June 10, 2011 // 1:19 am
- Today PlayStation 3 hacker Slynk
has posted on his new blog
some basic PS3 NPDRM information alongside a PS3 IDA (Interactive Disassembler) Tutorial for developers.
Download: IDA PS3 Plug-Ins & Loaders
Recently he has been working
on some PS3 QA Flag
developments, and below those interested can find both the PS3 IDA Tutorial and NPDRM details.
From his page: PS3 + IDA Tutorial
Extract the contents into your IDA folder. I don't take credit for these plugins and loaders.
Loading a File
There are two file types I'll teach you to load. SPU and ELF files.
SPU files can only loaded in IDA 32bit mode. When you load IDA choose "Go" and drag the file onto IDA. Make sure elf is highlighted at the top. In processor type, choose "IBM SPU Cell Processor: spu." Click set. Click OK. "Undefined or unknown...blabla" yes. You should be good to go.
Elf files can be loaded in either 32 or 64 bit mode. When you load IDA choose "Go" and drag the file onto IDA. Make sure PlayStation 3 ELF is highlighted at the top. Don't mess with the processor type. Kernel option 1 check "Create function if data xref data-> code32 exists.
Optional: I don't know what these do but I turn them on anyways XD In kernel option 2 choose "Coagulate data segments in the final pass", "Perform 'no-return' analysis", and "Perform full stack pointer analysis."
Click OK. Sometimes you get a better result from running the analyze_self script. (File->IDC File->C:/Program Files/IDA/idc/analyze_self.idc) Hit yes, copy the TOC Address it shows you and click OK. Go to Options->General->Analysis->Processor specific analysis options. Type the TOC address in (I use 0: instead of 0x to be safe. No clue if it makes a difference.) While you're at it click "Create subi instructions. Click OK. Click Reanalyze Program. Click OK. And wait.
You'll know when a script is done because at the bottom left it's say "AU: idle".
Just a few things. The program is expansive and I'd love to get to know more about it but here's a few things I know. Hex view and IDA view are connected. That means if you find a string in hex view, you can see it in IDA view. This won't show you magically where it's used at but sometimes, that string is xrefed. If under the string you see "# DATA XREF: " you can right click the ": off_XXXX" at the end, and choose XREF To or From. To, will give you a graph of any functions that have a call "to" that offset. From give's a graph of offset's called "from" that offset (mostly only useful for viewing a graph of where all a function leads to.)
In IDA view, you can search for either an immediate value, a string, or a byte sequence. I've never "not" checked "find all occurrences." Don't know why you wouldn't want to. It'll return a list of occurrences in its own window.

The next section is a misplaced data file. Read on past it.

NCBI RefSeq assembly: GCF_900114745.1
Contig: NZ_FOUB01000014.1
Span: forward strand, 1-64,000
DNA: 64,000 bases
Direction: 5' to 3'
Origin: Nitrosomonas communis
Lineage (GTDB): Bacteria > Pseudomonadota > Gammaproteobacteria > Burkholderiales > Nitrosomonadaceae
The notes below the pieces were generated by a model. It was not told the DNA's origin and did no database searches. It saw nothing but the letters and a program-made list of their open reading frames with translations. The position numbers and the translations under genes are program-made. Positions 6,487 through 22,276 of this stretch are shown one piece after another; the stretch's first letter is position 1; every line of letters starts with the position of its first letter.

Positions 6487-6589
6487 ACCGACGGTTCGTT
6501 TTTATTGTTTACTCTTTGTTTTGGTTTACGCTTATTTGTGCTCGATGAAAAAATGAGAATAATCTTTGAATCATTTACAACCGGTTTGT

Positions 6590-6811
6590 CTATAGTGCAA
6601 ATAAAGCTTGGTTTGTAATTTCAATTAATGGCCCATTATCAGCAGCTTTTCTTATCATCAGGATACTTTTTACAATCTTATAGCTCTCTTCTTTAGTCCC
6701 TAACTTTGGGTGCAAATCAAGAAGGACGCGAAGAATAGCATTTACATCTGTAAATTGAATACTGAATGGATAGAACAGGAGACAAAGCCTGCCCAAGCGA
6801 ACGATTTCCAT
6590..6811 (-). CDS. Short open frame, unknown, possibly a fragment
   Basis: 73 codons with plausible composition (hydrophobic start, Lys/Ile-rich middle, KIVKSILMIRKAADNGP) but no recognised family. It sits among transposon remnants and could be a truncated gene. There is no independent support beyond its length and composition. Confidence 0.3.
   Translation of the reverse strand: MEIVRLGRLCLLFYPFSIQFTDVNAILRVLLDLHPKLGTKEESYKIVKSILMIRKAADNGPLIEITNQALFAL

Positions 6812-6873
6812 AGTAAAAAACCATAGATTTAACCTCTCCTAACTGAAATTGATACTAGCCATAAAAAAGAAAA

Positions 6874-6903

If you're lucky, the file you scanned will have some of the functions named (something other than sub_, nullsub_, or start). These are known functions that are defined in the ps3 sdk.
When exiting, always make sure, unless you WANT to re analyze the whole file again, to choose one of the Pack database options and Collect garbage.
NPDRM Basic Info
NP 3 is a free licensed app. It has no license check. No edata/riff. Just install and use. This can be trial software as well.
NP 2 is a locally licensed app. First time activation must take place online. After which you'll have an edata/riff for that app and somehow this is connected to your act.dat.
NP1 is a network licensed app. It requires network authentication every time it is launched.
The offset for determining the NPDRM type of a self is at the NPDRM Header offset + 0x1C.
NPDRM as well as edata use AES, ECDSA, and CMAC for authenticity. These keys, with the exception of the CMAC key, are out there in the ether and can be found without much effort for someone who knows what they're doing. The specifics of the algorithm are still being researched but a few people have already figured it out; but of course they won't share their info.
AES and ECDSA are handle by appldr like always. CMAC is handle by one of vsh's modules. (Don't know which one, just adding it for completeness.)
Another form of security used in NPDRM is called a k_license. This is a 16 byte key that the developer makes that functions as sort of a "project key". It's used in all npdrm encrypted files within the project to prevent one of the files from being replaced by another project's file. It is also referred to as an SCE NPDRM Key.
The current known structure of the NPDRM Header:
[Register or Login to view code]
I hear there's plenty of more info in the official sdk for anyone who legally owns it as well. Anyway, I'll post more if anything else comes to light. ^^